10. 10. About 2 in 5 U.S. Marketers have experience with programs that have used traditional and/ or Web celebrities. CELEBRITY ENDORSEMENT USAGE 0% 4% 7% 11% 14% 18% 21% 25% 28% 21% 27% Traditional Celebrity Web Celebrity 2018 U.S. Marketers Use of Celebrity Endorsements 2018 U.S. Extent of Influencer Marketing Among Celebrity Endorsement Campaigns 12% 60% 28% IM Not Included IM Component Strictly IM In nearly 3 out of 4 cases, an Influencer Market-ing element was used, mainly as just one component of the program.
  11. 11. DISCLOSURE IN CELEBRITY ENDORSEMENTS 2018 Use of Disclosure in Celebrity Endorsements 37% 63% Yes No 63% 37% No, the celebrity did not include disclosure Yes, the celebrity included disclosure
  12. 12. FACTORS OF IMPORTANCE - INFLUENCER MARKETING 2018 U.S. Marketer Factor Importance in Choosing Influencer Marketing Provider Mean Score, 1-10 Scale 0 1 3 4 5 6 8 9 10 Content Quality Traffic Media Metrics Creator's Reputation 
 Implied Endorsement 7.87.9 8.28.3
  13. 13. MARKETER OBJECTIVES FOR INFLUENCER MARKETING 2018 U.S. Marketers Objectives in Influencer Marketing (1-10 Scale) Engagement-Building Awareness-Building W-O-M/Buzz Guaranteed Exposure Attitude Improvement Direct Sales/Purchase Indirect Sales/Purchase 6.00 6.33 6.67 7.00 7.33 7.67 8.00 6.52 6.62 6.66 6.72 7.21 7.65 7.70 U.S. Marketer Mean
  14. 14. SHOULD MARKETERS ACT LIKE PUBLISHERS? • Nearly all (84%) of the concept-aware agree to some degree that marketers should act like publishers – most a great deal • Translates to about 36% of all U.S. Marketers • Almost no disagreement or “no opinion” Should Marketers Act Like Publishers? Base: U.S. Marketers Generally/Extremely Familiar with Idea 0% 6% 13% 19% 25% 31% 38% 44% 50% No Opinion Not At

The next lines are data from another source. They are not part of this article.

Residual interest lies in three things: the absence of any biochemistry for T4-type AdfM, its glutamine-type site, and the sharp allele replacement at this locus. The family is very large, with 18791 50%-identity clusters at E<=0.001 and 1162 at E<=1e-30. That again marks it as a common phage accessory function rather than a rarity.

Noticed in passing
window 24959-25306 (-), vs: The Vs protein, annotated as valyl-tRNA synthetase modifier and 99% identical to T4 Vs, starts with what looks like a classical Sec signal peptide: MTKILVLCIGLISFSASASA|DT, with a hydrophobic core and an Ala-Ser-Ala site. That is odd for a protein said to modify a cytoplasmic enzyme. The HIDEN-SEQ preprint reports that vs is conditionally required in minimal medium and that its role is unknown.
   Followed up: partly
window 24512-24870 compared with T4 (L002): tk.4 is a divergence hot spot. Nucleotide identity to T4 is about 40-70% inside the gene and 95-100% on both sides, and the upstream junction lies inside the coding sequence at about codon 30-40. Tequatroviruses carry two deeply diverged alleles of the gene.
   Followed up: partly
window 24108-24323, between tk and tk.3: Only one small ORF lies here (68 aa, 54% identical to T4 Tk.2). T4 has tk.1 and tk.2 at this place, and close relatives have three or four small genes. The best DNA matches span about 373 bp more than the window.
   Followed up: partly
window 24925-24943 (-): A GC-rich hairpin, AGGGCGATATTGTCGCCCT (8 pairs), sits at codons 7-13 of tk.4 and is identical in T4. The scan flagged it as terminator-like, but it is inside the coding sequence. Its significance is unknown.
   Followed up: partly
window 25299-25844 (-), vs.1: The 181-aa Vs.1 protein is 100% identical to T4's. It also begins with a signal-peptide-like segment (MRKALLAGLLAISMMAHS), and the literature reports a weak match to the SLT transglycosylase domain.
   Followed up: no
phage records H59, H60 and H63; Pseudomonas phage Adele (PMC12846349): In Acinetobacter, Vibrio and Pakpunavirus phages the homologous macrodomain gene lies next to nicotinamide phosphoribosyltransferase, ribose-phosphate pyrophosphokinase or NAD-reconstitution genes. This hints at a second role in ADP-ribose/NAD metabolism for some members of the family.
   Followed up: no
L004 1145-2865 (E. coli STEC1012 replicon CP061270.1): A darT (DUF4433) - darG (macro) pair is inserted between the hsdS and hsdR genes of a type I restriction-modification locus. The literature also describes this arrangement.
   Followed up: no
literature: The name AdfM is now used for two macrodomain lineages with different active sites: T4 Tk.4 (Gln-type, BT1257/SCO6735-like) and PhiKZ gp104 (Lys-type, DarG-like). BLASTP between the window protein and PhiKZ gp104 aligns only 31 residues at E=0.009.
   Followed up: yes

All Not Very 
 Much Neutral Somewhat A Great Deal 49% 35% 8% 3% 1% 4% 2018 Familiar U.S. Marketers
  15. 15. MARKETER EFFECTIVENESS RATINGS The techniques are rated directionally or significantly higher than all traditional cross-media advertising approaches measured. The challenges of magazine and newspaper advertising are evident in Marketers’ low- end rank-order ratings. CM and IM rates nearly a point higher than Online Display ads.. Mean Effectiveness Rating, 1 - 10 Scale (2018) U.S. Total Content Marketing 7.8 Influencer Marketing 7.7 Experiential Marketing 7.7 Brand-Specific Web Development 7.6 Celebrity Endorsements 7.3 Television Advertising 7.0 Online Display Advertising 6.9 TV Embedded Sponsorship 6.8 Podcast Advertising 6.8 TV Official Sponsorship 6.7 Radio Advertising 6.3 Magazine Advertising 5.9 Newspaper Advertising 5.4
  16. 16. YOY EFFECTIVE RATINGS PROGRESSION *Sub-groups not mutually exclusive Mean Effectiveness Rating, 1 - 10 Scale (2018) 2015 U.S. INF/SS Marketers 2017 U.S. Marketers 2018 U.S. Marketers Content Marketing 7.8 7.6 7.8 Influencer Marketing 7.3 7.5 7.7 Experiential Marketing 7.5 7.4 7.7 Brand-Specific Web Development N/A 7.4 7.6 Celebrity Endorsements 6.3 6.8 7.3 Television Advertising 6.5 6.4 7.0 Online Display Advertising 6.5 6.5 6.9 TV Embedded Sponsorship 6.3 6.1 6.8 Podcast Advertising N/A 6.4 6.8 TV Official Sponsorship 6.0 6.1 6.7 Radio Advertising 5.4 5.6 6.3 Magazine Advertising 5.3 5.4 5.9 Newspaper Advertising 4.8 4.7 5.4